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Eddie the Eagle: Movie Review

Hannah Goodwyn


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Eddie the Eagle soars. The 20th Century Fox film, starring Hugh Jackman and Taron Egerton, brings us an "inspired by a dream come true" story about an unlikely athlete who defies the odds stacked high against him to become an Olympian for England at the 1988 Winter Games in Canada.

Its uplifting message and immersive look at Michael Edwards' journey to the Olympics makes Eddie the Eagle one of the better, mainstream sports movies, for PG-13 audiences, in recent years.


Bifocaled and clumsy Michael Edwards (Egerton) daydreams about representing his country at the Olympics. He's got his mind set on it. But, when the time comes to make the ski team, he falls short. Instead of giving up, Michael refocuses and thinks up another way to make it to Canada for the '88 Games. His bright idea? Be the first ski jumper to represent England at the Games in decades. All he needs to do is...learn how to ski jump and not mortally wound himself in the process. To do that he has to convince a reluctant Bronson Peary (Jackman), an all-accounts no-good drunk, to help him.


Eddie the Eagle is surprising, in a good way. It's a height above the sports movies that usually make it to the big screen. Egerton is remarkable. The young up-and-coming British actor disappears into the lovable young man who became a national hero. Jackman complements Egerton's Eddie well in the role of "coach". The two have a great chemistry together. You'll find yourself cheering on this endearing, underdog team. It has to be said that not personally knowing the facts of Edwards' life it's not easy to comment on where the true events end and the creative license taken by director Dexter Fletcher and screenwriters Simon Kelton and Sean Macaulay begin. All that's clear is that Eddie the Eagle is a solid movie.

One of the ways Eddie the Eagle hits the mark is in its positive, takeaway messages. This cinematic portrayal of Michael's journey to sports fame teaches us to never give up on our dreams. If obstacles block your way, refocus. Just never give up. The relationship between Michael and his parents also teach us an important, biblical lesson. Words are powerful. They can build up and they can harm. Thankfully, Michael persevered and overcame all of the dissenters who never thought he had a chance. Moviegoers also witness how the past can be redeemed and how God-given talent is always helped by hard work and a passionate heart.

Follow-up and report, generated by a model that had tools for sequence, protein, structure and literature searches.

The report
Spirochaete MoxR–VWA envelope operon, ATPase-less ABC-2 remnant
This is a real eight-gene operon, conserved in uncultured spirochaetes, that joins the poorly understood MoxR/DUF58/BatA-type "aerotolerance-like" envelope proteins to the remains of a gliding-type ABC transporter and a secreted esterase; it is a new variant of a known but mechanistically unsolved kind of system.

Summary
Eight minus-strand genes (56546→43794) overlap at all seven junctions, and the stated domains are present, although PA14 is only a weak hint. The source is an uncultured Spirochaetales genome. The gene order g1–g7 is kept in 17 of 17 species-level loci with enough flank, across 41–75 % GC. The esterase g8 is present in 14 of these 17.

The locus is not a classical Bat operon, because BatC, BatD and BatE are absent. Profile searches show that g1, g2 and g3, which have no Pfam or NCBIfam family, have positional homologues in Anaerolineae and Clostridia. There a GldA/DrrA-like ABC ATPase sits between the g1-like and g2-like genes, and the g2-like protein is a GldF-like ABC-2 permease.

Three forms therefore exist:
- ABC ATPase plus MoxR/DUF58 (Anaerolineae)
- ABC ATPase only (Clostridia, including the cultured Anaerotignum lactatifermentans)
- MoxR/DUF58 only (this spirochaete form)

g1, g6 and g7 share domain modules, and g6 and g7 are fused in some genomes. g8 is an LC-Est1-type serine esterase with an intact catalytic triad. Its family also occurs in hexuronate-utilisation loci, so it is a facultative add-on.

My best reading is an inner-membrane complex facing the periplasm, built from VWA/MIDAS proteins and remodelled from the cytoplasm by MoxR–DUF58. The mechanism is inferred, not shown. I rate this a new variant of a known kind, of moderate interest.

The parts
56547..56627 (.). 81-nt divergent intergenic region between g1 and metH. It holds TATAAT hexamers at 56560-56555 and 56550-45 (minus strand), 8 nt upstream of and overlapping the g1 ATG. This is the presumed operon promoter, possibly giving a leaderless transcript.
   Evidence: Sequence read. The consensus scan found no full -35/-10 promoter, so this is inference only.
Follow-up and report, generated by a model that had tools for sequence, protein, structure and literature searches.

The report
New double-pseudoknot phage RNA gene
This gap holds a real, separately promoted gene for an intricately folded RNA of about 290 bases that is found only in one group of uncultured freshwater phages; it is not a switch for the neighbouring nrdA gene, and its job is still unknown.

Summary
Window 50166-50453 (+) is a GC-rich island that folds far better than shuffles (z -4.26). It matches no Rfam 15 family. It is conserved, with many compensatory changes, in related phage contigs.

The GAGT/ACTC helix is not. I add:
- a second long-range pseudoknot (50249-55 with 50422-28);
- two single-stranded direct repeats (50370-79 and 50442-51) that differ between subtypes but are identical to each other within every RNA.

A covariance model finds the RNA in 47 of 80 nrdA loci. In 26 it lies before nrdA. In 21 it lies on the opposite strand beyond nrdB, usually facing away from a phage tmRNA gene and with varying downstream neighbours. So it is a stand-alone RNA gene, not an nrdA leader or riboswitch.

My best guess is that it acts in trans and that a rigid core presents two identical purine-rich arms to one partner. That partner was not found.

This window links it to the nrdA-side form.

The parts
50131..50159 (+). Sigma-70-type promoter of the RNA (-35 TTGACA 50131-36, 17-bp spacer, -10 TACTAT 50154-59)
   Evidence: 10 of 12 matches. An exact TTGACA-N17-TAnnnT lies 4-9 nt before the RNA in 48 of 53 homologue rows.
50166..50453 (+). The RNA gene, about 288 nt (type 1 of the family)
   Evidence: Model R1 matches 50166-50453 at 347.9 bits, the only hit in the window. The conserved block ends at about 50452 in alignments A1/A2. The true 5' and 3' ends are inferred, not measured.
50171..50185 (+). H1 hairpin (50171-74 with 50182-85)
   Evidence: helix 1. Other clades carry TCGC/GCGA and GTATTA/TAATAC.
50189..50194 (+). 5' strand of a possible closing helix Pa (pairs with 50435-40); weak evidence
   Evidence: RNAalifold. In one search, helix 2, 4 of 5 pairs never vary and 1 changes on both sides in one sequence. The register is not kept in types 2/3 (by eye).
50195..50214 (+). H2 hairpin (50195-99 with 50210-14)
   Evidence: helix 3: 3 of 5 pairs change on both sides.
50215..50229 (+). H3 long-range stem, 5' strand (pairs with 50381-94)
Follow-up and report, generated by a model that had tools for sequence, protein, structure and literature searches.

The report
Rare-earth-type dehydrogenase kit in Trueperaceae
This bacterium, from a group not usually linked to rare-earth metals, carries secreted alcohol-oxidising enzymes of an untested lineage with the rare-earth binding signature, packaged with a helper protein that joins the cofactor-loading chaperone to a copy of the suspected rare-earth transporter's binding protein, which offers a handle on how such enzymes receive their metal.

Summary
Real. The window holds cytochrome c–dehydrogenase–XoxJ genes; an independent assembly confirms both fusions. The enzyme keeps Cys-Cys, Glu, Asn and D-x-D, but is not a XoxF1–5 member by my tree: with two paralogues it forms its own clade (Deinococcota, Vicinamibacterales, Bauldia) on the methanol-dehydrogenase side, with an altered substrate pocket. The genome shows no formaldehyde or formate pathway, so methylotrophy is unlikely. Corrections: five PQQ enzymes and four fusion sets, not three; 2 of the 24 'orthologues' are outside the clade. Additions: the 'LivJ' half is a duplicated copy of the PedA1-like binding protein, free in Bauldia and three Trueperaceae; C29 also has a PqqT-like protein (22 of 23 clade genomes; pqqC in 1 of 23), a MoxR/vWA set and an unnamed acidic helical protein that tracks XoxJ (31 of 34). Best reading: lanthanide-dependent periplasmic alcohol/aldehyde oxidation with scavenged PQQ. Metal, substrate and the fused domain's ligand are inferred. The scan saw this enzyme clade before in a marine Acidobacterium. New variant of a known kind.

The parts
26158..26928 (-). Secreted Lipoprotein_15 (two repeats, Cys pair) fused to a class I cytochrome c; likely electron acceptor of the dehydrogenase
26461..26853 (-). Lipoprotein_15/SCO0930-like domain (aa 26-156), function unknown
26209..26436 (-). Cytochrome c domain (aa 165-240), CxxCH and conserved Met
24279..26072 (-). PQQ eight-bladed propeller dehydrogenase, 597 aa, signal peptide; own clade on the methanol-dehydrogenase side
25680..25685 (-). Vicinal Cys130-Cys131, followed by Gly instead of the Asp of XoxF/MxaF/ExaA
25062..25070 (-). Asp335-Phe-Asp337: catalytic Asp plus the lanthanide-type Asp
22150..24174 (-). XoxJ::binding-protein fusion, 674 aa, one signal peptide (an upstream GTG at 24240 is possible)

Rated PG-13 for some suggestive material, partial nudity and smoking, Eddie the Eagle is not suitable for younger audiences. Bronson's character is seen drinking alcohol on various occasions, a norm for him. There's one sexually suggestive scene in particular. In it, Bronson likens ski jumping to having sex. He mimics the act as he teaches Michael how to complete a successful jump.


Eddie the Eagle is an almost clean, funny, and feel-good movie about overcoming extraordinary obstacles and how winning at life doesn't always mean you come in at No. 1. Caution is advised though when it comes to the movie's suitability for children.

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About The Author


Hannah Goodwyn served as a Senior Producer for, managing and writing for the award-winning website. After her undergraduate studies at Christopher Newport University, Hannah went on to study Journalism at the graduate level. In 2005, she graduated summa cum laude with her Master's from Regent University and was honored with an Outstanding Student Award. From there, Hannah began work as a content producer for For ten years, she acted as the managing producer for the website's Family and Entertainment sections. A movie buff, Hannah felt right at home working as's